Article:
Indonesia is known as the world's largest archipelago. However, local authorities do not exactly know how many islands Indonesia actually has. Back in 1996 the central government made a rough estimate of 17,500. However, rising concerns about illegal fishery and radical Islam as well as growth of protectionism (the battle for natural resources) has made the Indonesian government eager to turn the rough estimate into precise knowledge. However, this will not be an easy undertaking.
At a United Nations (UN) meeting in August 2017 the Indonesian government wants to register the precise number of islands. Through the United Nations Convention on the Law of the Sea (UNCLOS) Indonesia hopes it will be better able to guard its territorial boundaries, islands and fish reserves. It is estimated Indonesia misses out on USD $20 billion every year due to illegal fishing.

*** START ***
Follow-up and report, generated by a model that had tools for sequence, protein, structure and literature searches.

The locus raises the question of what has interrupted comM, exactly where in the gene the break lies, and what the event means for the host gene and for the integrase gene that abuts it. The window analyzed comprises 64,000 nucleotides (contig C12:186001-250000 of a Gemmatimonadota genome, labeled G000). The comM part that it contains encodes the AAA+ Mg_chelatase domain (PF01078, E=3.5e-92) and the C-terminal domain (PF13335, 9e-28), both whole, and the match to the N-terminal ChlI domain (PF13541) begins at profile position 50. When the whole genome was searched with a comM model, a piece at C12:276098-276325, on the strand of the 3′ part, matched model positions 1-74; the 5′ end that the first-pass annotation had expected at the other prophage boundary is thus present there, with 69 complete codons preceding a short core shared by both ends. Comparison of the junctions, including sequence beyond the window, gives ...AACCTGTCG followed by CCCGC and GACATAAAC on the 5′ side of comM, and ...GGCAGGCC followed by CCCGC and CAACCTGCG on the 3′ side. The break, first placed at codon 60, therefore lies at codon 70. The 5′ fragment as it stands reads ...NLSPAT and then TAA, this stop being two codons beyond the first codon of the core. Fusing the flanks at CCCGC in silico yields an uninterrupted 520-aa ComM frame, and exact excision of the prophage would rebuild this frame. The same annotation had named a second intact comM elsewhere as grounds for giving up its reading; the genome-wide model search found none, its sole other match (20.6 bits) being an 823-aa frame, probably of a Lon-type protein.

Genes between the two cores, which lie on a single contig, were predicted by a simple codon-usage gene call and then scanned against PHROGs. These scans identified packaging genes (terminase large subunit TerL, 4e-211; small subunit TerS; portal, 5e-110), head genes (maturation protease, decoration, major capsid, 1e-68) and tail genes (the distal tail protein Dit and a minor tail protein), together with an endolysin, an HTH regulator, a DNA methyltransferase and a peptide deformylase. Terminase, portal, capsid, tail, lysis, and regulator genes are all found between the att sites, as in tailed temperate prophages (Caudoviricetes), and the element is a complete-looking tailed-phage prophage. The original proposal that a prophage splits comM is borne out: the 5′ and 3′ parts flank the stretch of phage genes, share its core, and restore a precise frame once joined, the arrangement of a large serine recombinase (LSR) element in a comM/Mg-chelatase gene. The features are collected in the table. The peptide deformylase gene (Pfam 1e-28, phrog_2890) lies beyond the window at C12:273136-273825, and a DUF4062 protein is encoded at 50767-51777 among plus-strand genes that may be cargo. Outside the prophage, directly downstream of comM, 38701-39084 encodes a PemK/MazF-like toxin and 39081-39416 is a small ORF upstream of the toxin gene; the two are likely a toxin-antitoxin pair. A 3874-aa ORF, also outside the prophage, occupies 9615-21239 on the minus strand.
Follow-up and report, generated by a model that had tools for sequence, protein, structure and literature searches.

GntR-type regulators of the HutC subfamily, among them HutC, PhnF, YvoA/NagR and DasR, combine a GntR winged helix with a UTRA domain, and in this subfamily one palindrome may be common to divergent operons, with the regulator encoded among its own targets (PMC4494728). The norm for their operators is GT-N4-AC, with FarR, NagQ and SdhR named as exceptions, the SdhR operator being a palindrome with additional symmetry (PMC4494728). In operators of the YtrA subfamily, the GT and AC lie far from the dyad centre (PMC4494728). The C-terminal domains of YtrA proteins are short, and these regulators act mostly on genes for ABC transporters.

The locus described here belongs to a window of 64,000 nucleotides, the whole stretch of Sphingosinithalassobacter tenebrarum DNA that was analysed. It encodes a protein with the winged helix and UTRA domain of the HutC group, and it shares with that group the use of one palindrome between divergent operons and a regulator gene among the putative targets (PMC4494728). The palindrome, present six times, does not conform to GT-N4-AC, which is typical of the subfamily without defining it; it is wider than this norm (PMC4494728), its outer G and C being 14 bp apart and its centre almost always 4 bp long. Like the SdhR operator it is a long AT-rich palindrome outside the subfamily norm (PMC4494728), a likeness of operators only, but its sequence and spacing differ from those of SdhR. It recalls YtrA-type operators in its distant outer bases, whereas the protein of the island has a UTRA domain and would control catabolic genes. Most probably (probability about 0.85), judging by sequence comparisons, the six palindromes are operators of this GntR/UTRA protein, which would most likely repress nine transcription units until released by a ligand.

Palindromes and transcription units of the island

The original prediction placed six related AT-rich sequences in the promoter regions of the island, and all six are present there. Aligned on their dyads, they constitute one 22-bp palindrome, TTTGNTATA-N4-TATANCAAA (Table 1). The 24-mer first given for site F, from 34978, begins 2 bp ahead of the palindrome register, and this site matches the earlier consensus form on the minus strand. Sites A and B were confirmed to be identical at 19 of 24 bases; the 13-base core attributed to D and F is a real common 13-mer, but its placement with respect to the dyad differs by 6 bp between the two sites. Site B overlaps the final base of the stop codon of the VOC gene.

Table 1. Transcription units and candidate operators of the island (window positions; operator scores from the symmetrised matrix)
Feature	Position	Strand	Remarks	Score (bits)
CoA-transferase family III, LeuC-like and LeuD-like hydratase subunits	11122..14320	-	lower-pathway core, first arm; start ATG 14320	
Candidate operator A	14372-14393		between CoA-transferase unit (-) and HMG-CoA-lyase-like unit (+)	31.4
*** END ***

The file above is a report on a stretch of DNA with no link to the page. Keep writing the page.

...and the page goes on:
For example, about two years ago there were clashes between Chinese fishermen and the Indonesian coast guard near the Natuna Archipelago, Indonesia's northernmost region in the South China Sea. China claims most of the South China Sea and therefore the Natuna Archipelago is most vulnerable due to its proximity to the disputed area.
But it will be a hazardous undertaking. At 1,904,569 square kilometers, Indonesia is the world's 7th-largest country in terms of combined sea and land area. It also remains unknown what the exact definition of "island" is (will there need to be a minimum size, does it need to have residents, and so forth). The name of an island can be registered provided at least two local people know the island by the same name. However, locals usually do not have a specific name for the many small islands that are located far from shore. Or it also happens that an island is known by more than one name (for example when fishermen use a different name than local residents).